Bob Williams is a Board member and living legend at Vancity Credit Union, a former BC Cabinet Minister and British Columbia’s most accomplished social entrepreneur.

Here is his answer to:What would you like to become more visible in 2011?  You can also Download Becoming Visible  -  the complete collection of 58 essays.

The End of Invisibility

Probably a dozen years ago, when I was approaching 65, a bright, stimulating colleague said to me, “Bob, have you noticed that at a certain age you become invisible to most people?”  I tended to agree, but I asked Al to explain himself.

 “Well, he said, at a certain age in our society we tend to be invisible – we’re not relevant for most of the people out there – you know – at the end of the week, an easy-going Friday afternoon at the office when most of your colleagues are going out for a drink, or get together – you’re never invited, you’re irrelevant.        

My friend Al was as bright a guy as you’d ever meet; he was interested in almost everything despite having a highly specialized PhD.  At one point I even hired Al to analyze a computer scam at one of our big Crown corporations; he figured it out in no time, of course.  But more than all that, Al was a keen student of the human condition, with a lovely sense of humour.  It was great fun to just spend time with Al and open up about anything and everything; and we often did.  He was as stimulating as you get…but he was becoming invisible.

The invisibility seemed to be more the case when Al and Peggy decided to retire in Victoria.  There was still the occasional phone call, making the link to his former world, but the calls became more infrequent.  A few years ago, they ceased.  I was remiss in not making a simple phone call; I feared the worst.  Al had become invisible for me as well.

Recently, when Al Etmanski called, urging me to write a page or two about what I wanted to become visible in the coming year, I agreed – you can’t say no to Al.  But I puzzled about what to write, then realized that my friend’s invisibility at a certain age was the subject.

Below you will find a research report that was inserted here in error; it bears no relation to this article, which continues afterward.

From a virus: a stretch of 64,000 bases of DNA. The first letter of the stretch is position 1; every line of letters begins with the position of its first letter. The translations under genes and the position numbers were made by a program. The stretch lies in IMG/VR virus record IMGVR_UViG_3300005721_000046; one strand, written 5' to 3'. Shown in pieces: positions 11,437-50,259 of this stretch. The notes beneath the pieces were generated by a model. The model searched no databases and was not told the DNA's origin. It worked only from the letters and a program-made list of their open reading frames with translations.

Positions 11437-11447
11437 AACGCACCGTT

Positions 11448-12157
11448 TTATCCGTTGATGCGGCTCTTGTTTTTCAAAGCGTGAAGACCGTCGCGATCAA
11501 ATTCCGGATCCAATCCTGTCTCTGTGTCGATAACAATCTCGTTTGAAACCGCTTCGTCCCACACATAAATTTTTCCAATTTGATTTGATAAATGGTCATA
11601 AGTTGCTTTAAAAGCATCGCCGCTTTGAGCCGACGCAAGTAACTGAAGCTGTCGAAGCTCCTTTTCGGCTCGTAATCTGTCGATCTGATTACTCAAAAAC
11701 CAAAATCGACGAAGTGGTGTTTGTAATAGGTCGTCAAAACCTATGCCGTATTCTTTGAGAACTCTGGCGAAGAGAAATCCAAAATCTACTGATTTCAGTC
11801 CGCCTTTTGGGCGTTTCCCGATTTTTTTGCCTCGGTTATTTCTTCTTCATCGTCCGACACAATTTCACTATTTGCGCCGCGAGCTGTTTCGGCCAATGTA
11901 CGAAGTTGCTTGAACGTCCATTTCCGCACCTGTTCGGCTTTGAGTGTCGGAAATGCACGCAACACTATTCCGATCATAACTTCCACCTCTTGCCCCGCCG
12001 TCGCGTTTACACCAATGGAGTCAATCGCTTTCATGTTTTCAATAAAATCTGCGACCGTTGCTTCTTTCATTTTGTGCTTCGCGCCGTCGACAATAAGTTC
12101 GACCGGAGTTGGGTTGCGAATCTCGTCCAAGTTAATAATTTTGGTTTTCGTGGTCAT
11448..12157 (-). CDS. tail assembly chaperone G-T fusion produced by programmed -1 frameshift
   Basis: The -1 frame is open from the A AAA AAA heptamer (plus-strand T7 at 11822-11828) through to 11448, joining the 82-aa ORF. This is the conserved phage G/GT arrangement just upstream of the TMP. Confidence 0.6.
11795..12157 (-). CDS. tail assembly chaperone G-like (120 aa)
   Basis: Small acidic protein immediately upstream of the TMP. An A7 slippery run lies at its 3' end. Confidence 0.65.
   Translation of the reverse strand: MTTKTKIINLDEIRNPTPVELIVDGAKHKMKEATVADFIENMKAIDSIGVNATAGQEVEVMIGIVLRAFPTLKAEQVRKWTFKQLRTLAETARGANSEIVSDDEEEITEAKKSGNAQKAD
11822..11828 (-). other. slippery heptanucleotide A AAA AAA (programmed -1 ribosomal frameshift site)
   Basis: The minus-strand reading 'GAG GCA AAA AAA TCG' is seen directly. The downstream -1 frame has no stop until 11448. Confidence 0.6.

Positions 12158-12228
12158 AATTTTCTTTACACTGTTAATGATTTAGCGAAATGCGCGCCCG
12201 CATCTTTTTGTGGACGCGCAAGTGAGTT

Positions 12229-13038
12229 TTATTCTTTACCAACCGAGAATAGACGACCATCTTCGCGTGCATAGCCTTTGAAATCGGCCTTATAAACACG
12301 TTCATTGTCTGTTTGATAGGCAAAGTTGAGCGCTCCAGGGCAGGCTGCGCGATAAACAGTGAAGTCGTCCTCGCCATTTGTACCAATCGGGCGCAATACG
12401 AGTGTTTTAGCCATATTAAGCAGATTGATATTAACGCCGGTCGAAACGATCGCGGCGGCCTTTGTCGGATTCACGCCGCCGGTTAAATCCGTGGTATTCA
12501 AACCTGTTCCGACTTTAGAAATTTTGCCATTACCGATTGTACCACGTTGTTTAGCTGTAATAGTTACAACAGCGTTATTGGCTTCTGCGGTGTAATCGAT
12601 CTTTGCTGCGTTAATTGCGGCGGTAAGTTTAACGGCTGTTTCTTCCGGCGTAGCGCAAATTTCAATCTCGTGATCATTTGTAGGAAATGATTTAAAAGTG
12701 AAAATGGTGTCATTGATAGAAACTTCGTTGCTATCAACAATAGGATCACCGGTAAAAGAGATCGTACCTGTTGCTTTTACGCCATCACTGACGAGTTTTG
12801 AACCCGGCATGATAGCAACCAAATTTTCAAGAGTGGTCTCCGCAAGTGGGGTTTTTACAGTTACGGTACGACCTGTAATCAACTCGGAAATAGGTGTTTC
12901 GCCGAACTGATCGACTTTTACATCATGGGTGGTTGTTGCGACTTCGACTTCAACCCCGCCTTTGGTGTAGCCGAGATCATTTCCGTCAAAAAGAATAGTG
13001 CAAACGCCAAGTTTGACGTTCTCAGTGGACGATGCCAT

There had been recent incidents in my own life when I was dismissed as irrelevant because of my age, and I reflected again about my friend and his invisibility.  I realized I must call, fearing he might have died in the meantime.  Al’s wife answered the phone and I asked for Al, explaining who was calling, and he was there!        

Al was cheery and pleased to hear from me, remembering some of the old times.  I explained that I wanted to write about the invisibility of our elders.  Al laughed and said, “I could walk nude down Yates Street and never be noticed”.  Towards the end of our conversation I asked Al how old he was now.  It was then that he stammered a little and chuckled that he better hand me back “to the fountain of all knowledge”, his wife, Peggy.  That was the reason he had not called. 

These past few years Al had been slipping slowly into dementia.  I talked with Peggy again and wished Al the best.

The invisibility was now almost complete.

I guess that’s what I’m looking for in the coming year…the end of invisibility.

NOTES:

Click to read my previous post, Bob Williams, British Columbia's Olympian Social Entrepreneur.

You can download the complete collection of Becoming Visible responses here: Download Becoming Visible.  Or by clicking the Becoming Visible Category on the right hand side of your screen.

Please share and distribute to your friends and through your various networks, websites etc.  I think you will agree – these are too good to keep to ourselves.

 

         The invisibility was now almost complete.

         I guess that’s what I’m looking for in the coming year…the end of invisibility.

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